So if you’re a novice and you’re looking to get started in the video production arena, the first question is – where do I start? At least that’s where I am.
I have an idea of what I want to create, I have a camera (not High Definition, yet), and I have a computer. What I don’t have is video production software that is intuitive and really easy to learn and use…you know, something like drag and drop. Did you say drag and drop? Why yes I did, yes I did my friend.
I present to you, LoiloScope. Now some of you more advanced readers might be smirking, but for many, this is right up their alley. Video production editing software that will allow me to slap something together just to get started.
So what does it do? I thought you would never ask! Yes, I’m a little excited. So, at first the user sees a blank workspace, in fact, think of it as ‘outer-space’, it’s an infinite floor that you drag and drop your videos on top of as if they were photos – think of it as Piclens for those of you familiar with that. You can zoom out from your ‘cluster of videos’ and they appear smaller and smaller the further away you zoom, and vice versa if you zoom in. You’re a little slow aren’t you, ok here’s a screenshot.
That’s right, those colorful squares are the individual video clips that a user wants to use. That box with the black screen is sort of like your main video, it’s where you can drop your clips onto and bring everything into one cohesive video…more on that later! So it’s easy to see how this works, I think.
The video production software does seem to have a few effects you can use but even as a novice they don’t seem to be that impressive, there is other software you can use if you’re aiming for something a little more technical.
It feels like you’re a chef creating a stew, actually something a bit more attractive, a salad, yep, that’s it. A TROPICAL salad. You can throw stuff here and there, and in the end, voila, a bowl of wholesome goodness – except this salad has magnets. Huh?
The software allows the user to throw magnets on the floor and then throw the videos at the magnets to catch them and organize things a bit better. Still a little slow are we, another screenshot will do the trick!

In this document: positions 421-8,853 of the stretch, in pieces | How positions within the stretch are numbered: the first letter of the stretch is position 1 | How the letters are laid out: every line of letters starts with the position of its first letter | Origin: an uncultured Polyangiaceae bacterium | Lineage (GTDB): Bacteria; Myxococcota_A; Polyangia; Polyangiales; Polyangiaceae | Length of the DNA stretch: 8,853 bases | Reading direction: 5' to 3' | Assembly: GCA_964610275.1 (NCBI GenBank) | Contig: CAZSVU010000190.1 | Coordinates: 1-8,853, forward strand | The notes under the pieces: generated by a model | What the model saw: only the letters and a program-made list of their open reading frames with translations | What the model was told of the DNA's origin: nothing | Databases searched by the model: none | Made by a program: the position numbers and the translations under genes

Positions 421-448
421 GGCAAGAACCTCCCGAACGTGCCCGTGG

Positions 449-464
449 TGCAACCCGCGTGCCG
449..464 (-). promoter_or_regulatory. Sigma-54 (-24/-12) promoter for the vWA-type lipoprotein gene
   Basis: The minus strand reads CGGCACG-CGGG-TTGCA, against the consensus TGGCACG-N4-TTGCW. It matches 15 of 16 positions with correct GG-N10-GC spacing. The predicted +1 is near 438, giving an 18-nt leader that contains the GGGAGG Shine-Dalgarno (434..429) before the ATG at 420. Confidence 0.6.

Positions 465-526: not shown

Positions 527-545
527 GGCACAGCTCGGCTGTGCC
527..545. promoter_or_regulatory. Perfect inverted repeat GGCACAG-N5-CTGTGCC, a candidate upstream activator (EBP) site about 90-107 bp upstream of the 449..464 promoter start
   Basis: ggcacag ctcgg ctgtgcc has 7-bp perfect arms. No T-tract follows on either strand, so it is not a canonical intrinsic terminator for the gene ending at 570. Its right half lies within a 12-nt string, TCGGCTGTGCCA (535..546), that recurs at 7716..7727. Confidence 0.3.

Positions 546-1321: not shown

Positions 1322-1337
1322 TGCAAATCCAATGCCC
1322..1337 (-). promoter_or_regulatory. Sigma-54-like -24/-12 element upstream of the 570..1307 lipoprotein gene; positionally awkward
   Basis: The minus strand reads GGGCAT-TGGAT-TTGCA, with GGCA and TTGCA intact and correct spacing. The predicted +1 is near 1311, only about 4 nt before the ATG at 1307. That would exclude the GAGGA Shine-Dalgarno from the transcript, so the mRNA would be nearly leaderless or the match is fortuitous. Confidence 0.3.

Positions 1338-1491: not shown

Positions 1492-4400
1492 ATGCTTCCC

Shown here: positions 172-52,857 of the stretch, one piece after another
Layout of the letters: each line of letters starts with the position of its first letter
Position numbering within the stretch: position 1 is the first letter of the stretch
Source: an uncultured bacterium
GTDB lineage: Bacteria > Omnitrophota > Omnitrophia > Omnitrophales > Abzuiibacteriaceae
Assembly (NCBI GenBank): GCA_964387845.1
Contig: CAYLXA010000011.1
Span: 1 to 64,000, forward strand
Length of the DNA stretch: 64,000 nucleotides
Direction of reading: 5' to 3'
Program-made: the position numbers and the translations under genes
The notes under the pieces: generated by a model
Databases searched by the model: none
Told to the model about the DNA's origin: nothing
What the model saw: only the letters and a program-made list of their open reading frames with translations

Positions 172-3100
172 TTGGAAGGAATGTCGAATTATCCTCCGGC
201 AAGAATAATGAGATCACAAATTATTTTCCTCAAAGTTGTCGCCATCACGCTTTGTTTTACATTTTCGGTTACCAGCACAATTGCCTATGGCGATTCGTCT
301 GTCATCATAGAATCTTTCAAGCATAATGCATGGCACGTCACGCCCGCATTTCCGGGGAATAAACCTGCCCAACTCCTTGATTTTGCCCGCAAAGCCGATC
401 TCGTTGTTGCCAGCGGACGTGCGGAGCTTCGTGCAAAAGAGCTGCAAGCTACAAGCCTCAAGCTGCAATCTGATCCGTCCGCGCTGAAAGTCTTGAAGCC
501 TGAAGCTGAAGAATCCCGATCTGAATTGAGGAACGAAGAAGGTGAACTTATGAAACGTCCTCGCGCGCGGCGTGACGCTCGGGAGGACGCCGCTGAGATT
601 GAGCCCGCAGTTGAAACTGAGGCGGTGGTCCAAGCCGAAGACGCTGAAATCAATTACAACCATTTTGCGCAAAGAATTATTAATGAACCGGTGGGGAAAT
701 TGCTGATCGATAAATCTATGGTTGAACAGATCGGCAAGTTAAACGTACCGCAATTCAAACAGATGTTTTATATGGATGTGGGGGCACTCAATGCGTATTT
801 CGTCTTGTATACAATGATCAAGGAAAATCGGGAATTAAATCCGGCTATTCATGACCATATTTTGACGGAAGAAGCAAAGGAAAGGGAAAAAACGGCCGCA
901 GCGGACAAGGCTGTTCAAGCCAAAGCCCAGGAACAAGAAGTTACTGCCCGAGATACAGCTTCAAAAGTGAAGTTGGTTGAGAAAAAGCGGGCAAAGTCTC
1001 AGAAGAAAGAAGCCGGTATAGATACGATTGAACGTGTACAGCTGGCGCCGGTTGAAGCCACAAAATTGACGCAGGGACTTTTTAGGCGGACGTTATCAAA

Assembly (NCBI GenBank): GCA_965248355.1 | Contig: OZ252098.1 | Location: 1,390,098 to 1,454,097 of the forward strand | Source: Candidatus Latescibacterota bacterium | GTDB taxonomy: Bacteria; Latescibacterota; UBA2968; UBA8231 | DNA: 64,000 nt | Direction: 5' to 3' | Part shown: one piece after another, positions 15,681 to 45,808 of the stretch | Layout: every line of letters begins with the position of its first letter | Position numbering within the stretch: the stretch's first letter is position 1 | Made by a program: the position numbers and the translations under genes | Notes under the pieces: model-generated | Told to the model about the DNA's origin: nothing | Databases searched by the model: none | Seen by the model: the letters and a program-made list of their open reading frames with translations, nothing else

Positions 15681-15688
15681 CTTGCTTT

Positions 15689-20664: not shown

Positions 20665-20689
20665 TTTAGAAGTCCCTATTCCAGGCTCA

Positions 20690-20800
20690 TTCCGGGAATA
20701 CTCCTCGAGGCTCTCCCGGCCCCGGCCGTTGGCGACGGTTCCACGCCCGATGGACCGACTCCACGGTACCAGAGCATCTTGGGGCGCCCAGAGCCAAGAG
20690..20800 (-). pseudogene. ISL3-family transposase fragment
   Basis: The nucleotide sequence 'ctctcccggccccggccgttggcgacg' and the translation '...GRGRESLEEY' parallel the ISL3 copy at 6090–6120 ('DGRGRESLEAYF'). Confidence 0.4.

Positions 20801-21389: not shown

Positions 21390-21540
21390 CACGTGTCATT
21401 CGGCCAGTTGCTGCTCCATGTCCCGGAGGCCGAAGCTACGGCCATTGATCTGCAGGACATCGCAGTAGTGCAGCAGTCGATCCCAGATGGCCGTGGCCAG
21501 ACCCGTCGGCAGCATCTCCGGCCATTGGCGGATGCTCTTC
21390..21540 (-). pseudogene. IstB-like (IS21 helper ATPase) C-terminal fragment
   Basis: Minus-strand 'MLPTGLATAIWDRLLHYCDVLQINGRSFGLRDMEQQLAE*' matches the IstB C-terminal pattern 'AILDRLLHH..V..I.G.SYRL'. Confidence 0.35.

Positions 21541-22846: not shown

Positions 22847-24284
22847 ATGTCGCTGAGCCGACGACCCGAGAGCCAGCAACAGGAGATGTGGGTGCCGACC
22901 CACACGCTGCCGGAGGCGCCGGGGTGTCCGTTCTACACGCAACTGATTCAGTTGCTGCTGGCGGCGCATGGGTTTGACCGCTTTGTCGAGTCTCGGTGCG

Those orange, green, and blue bars are the ‘magnets’ and they can attract and hold the videos you toss at them, simply for organization folks; I like organization! Cool stuff man, cool stuff.
Each clip can be edited. There will be a time-line for each clip – if you look closely you can see the red bar on the main video section right under the black screen. If you can’t see the red bar that I’m talking about, don’t worry, essentially the time-line looks like the magnets. Each time-line has a left knob and a right knob, these can be dragged to the desired portion of video. Say you had a 10 min long clip but you only wanted 5 seconds of that clip, you drag the left and right knobs until the start and stop of the clip is now that 5 second portion you wanted.
After the user has edited the desired clips from all the videos, they can drop the various clips onto the main section directly underneath the black screen. It is there that these clips can be arranged in a time-line fashion so that the final video can play multiple clips at once to retrieve the desired result – I know I know, screenshot.
This is a close up of the black screen and main video area, this is where you place all you clips to create the final product. You can see the red time-line I was talking about here. Also, you can see the gray time-lines underneath the red one, those are the individual clip time-lines. As the user places the clip time-lines on top of each other the final video will play everything that overlaps at a specific point. In this case you can see the vertical thin line is touching two gray time-lines, this means that both will be playing. Look at the actual video screen, notice that the video shows the text on top, that’s because one of the clips (gray bars) was simply a text clip and it is overlapping another clip with a kid in it.
You will also notice that there are two gray bars not quite joined together, well the user can move a bar to join with another, allowing two different clips to create one clip, this will change the moved bar to a different color letting the user know that the clips have been aligned properly – all drag and drop my friend.
The final video can be uploaded to YouTube with a few clicks right from the userface.
LoiloScope is in beta right now, however you can freely download it from their site at LoiloScope and in the future the software will have to be purchased for about $59 to $88.
I think this software looks really promising for those looking to get started and I wouldn’t be surprised if others are already developing something like it (for all I know there is already stuff like this, if there is let me know!). I strongly suggest you go and have a peek at the demo video because it will explain things a lot better than I can with words. To me, this is going to be great video production editing software for everyday users looking to create some basic home videos. All I can say is, yes my brotha’, yes indeed.